“Peroneal tendonitis” he said, “hopefully, not a stress fracture, too. Time will tell”. I recall asking him, weakly, “how much time?”
“Two weeks, no running and make ice your best friend” and he didn’t mean ice, as in “on the rocks”.
As he adducted and abducted my foot, ankle and leg, his words echoed in my head. Tears slipped from my eyes. Nausea gripped my stomach and panic coursed through my veins. My brain’s default setting, on a good day, is always the same “I need a drink to handle this”, when faced with adversity, the passing thought becomes more of a fixation.
To a fly on the wall and to Glenn, my physiotherapist, I probably appeared to be ridiculous; shedding tears at the thought of two weeks off the road. I cope with emotion, any emotion, happiness, sadness, stress, anger, in one of two ways, I used to drink and now I run. If I can’t run to numb the intensity of my feelings, then bottoms up. The thing about my best friend, Coors Light, is that he’s always there for me, calling me, taunting me, tempting me. Without running as a source of comfort, distraction and support I become really nervous about my history with my old drinking buddy. All it would take is one moment of feeling pushed too far, to say screw it and take that first bittersweet guzzle, and we would be celebrating our long, lost kinship and time apart. This is only the beginning of the problem, because, while I wish time and again, that I could be like those of you who can have 1 drink and stop, I am not programmed like that. One drink is never the end, no matter how much I try to make deals with myself about having only one; enough therapy has made me accept on some very deep level that for me, my next drink will not be limited to a single; my buddy and I will be reigniting our special friendship.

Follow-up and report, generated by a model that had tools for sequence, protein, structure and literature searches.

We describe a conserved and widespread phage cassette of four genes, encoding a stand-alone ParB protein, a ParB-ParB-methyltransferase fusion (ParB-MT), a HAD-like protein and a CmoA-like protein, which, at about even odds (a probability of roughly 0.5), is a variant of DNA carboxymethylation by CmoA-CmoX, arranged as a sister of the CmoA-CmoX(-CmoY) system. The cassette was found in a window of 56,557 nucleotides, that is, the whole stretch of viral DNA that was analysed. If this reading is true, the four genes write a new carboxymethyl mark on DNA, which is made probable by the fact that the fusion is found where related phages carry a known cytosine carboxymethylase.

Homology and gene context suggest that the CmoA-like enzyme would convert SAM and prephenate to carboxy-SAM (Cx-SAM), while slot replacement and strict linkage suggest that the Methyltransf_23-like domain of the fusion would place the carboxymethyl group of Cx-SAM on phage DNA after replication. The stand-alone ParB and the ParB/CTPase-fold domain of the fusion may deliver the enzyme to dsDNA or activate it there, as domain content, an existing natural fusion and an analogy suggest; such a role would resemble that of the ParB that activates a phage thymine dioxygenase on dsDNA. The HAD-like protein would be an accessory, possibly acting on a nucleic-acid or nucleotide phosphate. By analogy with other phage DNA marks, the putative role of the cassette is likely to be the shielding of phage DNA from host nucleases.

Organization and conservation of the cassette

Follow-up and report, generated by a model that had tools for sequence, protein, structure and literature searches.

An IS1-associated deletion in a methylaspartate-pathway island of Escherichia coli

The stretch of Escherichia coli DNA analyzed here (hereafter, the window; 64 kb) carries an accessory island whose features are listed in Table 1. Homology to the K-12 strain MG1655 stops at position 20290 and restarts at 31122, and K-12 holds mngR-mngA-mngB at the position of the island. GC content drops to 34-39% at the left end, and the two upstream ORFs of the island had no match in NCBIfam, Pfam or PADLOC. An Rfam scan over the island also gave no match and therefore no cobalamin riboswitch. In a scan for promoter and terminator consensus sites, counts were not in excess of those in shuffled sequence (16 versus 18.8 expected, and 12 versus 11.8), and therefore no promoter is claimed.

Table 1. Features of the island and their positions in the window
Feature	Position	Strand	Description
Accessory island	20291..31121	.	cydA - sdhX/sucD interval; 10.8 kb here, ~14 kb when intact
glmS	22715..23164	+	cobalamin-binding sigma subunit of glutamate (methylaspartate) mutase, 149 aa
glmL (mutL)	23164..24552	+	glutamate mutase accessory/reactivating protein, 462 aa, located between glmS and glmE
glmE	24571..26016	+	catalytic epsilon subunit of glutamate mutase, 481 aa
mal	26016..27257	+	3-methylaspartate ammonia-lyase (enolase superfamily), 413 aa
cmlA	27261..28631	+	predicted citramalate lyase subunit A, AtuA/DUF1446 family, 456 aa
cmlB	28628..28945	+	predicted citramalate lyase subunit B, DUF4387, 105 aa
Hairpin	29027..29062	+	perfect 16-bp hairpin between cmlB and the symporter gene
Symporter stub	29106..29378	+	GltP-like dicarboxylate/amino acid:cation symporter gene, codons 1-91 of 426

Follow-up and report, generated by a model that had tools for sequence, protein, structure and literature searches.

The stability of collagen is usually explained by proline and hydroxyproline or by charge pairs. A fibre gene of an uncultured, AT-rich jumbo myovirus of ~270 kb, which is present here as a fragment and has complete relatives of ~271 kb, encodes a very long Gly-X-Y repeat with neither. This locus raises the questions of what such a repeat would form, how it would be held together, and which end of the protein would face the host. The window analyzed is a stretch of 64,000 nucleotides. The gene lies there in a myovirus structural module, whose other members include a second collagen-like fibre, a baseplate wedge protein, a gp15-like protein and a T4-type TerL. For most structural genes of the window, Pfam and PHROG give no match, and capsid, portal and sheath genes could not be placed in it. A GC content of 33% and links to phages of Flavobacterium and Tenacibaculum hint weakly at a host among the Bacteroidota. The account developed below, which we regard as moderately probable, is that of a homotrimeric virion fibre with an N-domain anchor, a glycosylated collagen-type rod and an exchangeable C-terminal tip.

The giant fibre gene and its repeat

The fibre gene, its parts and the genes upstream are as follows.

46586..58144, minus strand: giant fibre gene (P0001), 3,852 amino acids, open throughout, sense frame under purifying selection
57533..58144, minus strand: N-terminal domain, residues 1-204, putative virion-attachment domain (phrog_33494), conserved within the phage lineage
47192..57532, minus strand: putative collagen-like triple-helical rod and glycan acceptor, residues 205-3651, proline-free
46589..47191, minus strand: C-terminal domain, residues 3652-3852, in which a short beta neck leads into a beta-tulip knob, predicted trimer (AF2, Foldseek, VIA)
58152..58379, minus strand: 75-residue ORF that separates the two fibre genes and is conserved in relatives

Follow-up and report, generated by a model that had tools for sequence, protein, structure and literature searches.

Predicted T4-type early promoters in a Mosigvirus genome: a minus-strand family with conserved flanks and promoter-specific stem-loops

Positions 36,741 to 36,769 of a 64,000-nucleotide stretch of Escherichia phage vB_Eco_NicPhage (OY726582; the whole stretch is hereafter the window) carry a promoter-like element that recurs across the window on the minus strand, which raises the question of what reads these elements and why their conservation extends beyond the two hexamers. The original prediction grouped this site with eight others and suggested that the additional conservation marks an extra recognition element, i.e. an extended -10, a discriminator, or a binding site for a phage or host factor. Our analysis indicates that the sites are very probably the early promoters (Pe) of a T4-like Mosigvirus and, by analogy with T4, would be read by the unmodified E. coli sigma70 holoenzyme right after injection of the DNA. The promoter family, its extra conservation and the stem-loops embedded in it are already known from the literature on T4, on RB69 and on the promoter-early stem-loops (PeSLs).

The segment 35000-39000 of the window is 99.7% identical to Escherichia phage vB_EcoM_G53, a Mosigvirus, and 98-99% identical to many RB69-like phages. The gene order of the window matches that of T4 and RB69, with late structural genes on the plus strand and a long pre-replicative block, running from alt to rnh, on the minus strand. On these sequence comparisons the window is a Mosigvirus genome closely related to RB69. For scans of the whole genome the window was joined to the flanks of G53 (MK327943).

I am stronger now than I was a year ago, and sobriety is not as fresh as it once was, which only means it doesn’t take as long for me to make the decision to turn the car around and head home instead of to the liquor store. Never the less, living without running for two weeks is torture for me, my husband, my kids, my co-workers, and the poor checkout lady. I can resort to “self-checkout” at the grocery store, but I cannot avoid all frustrating stimuli. I am a miserable person on the edge of grouchiness without the soothing rhythm of the run. I could get all biological and mention endorphins and dopamine and their roles in the brain, but I’m not going to, maybe another time. The fundamental principal at work here is I need to feel good. If a bottle or two of wine is out of the question, then I need to run, if I can’t run, I don’t feel good. If I don’t feel good, I want to drink…it’s a bit of a go around. Injury and rest come with high risk stakes. With constant thoughts of drinking, temptation is a burden I live with.
When I am at my weakest and temptation is strong, I stop and I ask myself…is my life better now or before I quit lushing the liquor? As much as I want an icy, cold beer, in my favorite frosted mug that reads “Christa”, on the front, I am quick to answer myself by admitting my life is better than ever. I love my life more than I love to drink. I love to run more than I love to drink. I am committed to a good life.
My two weeks of rest did not kill me, but they tortured my husband. I am proud to report the tendonitis had cleared, there is no stress fracture and they are still wondering where I am at the beer store.